Seeing with Franky the undeveloped southern parts of Belitung. A tireless young businessman, his interests include tree plantations for plywood production, land speculation and development, a hotel, an eco-resort, herb production (whenever he talks I learn of another venture.)
Regular visits by paddleboard and kayak to Kelayang Island where we feed bananas to the one resident macaque, fatten ourselves with hot banana fritters, and swim and snorkel.
Pizzas and happy family gatherings with Alex, Rosa and children, Bambang and Cecilia. Alex is an enthusiastic, patient and knowledgeable animal-lover who’s made Belitung his home.
Hydroponic salad eco-farming
Honey production at Hendra’s home.
A palm oil refinery, where William, the general manager, explains the processes between harvesting from 30,000 hectares of palm trees to shipping processed oil and other products to China, Myanmar, Bangladesh, South Korea from their own shipping jetty…..He’s been in charge for nearly 20 years of this 24 hour, 365 days a year operation that employs around 3,000 people. Fascinating and he’s going to show me around the refinery later this week.
A day out on the private island of Leebong, where luxury villas are available for those more affluent than me. Now of course deserted apart from the owner’s family and friends.
And then, to test my stamina and powers of patience, I’ve been ‘getting-a-new-passport’, the old one unexpired but after five years rapidly filled with stamps and visas that accompany sailing around half the world. I cannot even leave Indonesia without a new one.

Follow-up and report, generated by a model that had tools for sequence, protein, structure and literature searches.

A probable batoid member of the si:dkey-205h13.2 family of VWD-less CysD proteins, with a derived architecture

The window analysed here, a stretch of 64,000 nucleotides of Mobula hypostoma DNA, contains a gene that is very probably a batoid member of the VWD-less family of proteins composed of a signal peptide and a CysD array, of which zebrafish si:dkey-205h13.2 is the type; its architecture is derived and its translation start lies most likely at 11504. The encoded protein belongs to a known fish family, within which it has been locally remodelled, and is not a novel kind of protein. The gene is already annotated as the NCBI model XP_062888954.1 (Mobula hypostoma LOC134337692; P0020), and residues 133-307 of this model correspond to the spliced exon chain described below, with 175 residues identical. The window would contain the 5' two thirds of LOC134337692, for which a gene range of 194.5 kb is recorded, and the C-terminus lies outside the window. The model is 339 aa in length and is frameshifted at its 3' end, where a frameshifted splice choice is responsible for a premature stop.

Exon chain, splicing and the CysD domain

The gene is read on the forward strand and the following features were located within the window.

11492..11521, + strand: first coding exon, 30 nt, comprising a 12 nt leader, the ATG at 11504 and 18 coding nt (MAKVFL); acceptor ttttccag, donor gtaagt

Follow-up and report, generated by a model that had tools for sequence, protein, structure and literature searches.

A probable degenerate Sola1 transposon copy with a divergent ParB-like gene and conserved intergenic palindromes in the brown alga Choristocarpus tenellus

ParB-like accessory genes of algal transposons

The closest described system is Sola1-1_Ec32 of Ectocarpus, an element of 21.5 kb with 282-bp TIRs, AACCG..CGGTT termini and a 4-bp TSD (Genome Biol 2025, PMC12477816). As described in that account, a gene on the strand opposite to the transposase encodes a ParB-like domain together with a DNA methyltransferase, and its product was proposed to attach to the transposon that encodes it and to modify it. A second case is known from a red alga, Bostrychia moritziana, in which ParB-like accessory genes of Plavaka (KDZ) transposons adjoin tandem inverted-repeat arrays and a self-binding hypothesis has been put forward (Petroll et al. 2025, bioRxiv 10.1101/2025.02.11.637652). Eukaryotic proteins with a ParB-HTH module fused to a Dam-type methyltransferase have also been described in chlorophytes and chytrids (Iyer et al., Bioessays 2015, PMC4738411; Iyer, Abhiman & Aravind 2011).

Should I or should I not castigate the UK Foreign Office in this post? An open letter to the Foreign Secretary perhaps? I’m tempted – but you don’t want to read a grumpy man’s rants.
Passport application processes are aimed at people who live more normal lives: those who travel overseas to work or for holidays, for example. Us sailors are clearly not considered normal; we don’t usually have a local address, or local British professionals to vouch that the photo is of us, or even know where we are going next, or even when we may go! And we often don’t live in places with reliable postal services. Our homes are our boats.
Of no interest to most of you who read this stuff, I’ll just tell you that wherever you are in the world, U.K. Passport renewal is done in Britain. In Indonesia an agent in Jakarta handles it. First trouble arose when I found that the Passport agent was shut for three months of Jakarta lock-down. (i.e.passport could not be renewed. You’re stuffed)
The Embassy doesn’t want to talk to anyone unless ‘emergency’. Phone calls to local Consul refer you to Britain where, even if staff have heard of Indonesia, they do not know anything of local realities. Enough…my little bit of hair turns grey, blood pressure off the scale.
And so, to spare you sharing any more of my grumpy-man anguish I’ll simply say that once Jakarta lockdown ended and the agent reopened I was obliged to invest in two return flights to Jakarta.
That’s four flights, two covid blood tests (needed before all flights), 14 taxis, two nights in hotels…..But at last, after all that and with a wallet that’s very much thinner, I have a new passport (big thank you to the staff who actually do the work – which does not include Foreign Secretary or embassy – and turned it round in three weeks).
In theory I can now move again.
I cannot do anything about the sad fact (sad for me anyway) that the new black (hint of blue maybe) passport is one of these half-hearted ones with a new title – it reminds us we shall no longer enjoy the privilege of unfettered travels or life or work in the EU. (But I shan’t start on that source of anger and irritation. Also, I do wish to remain friends with some lovely folk who think quite differently from me.)
This is turning into another ramble of ill-considered thoughts, so I’ll stop. As I said, I’m happy and healthy, and consider I’m very fortunate to be in Indonesia. I hope to leave in a week or so.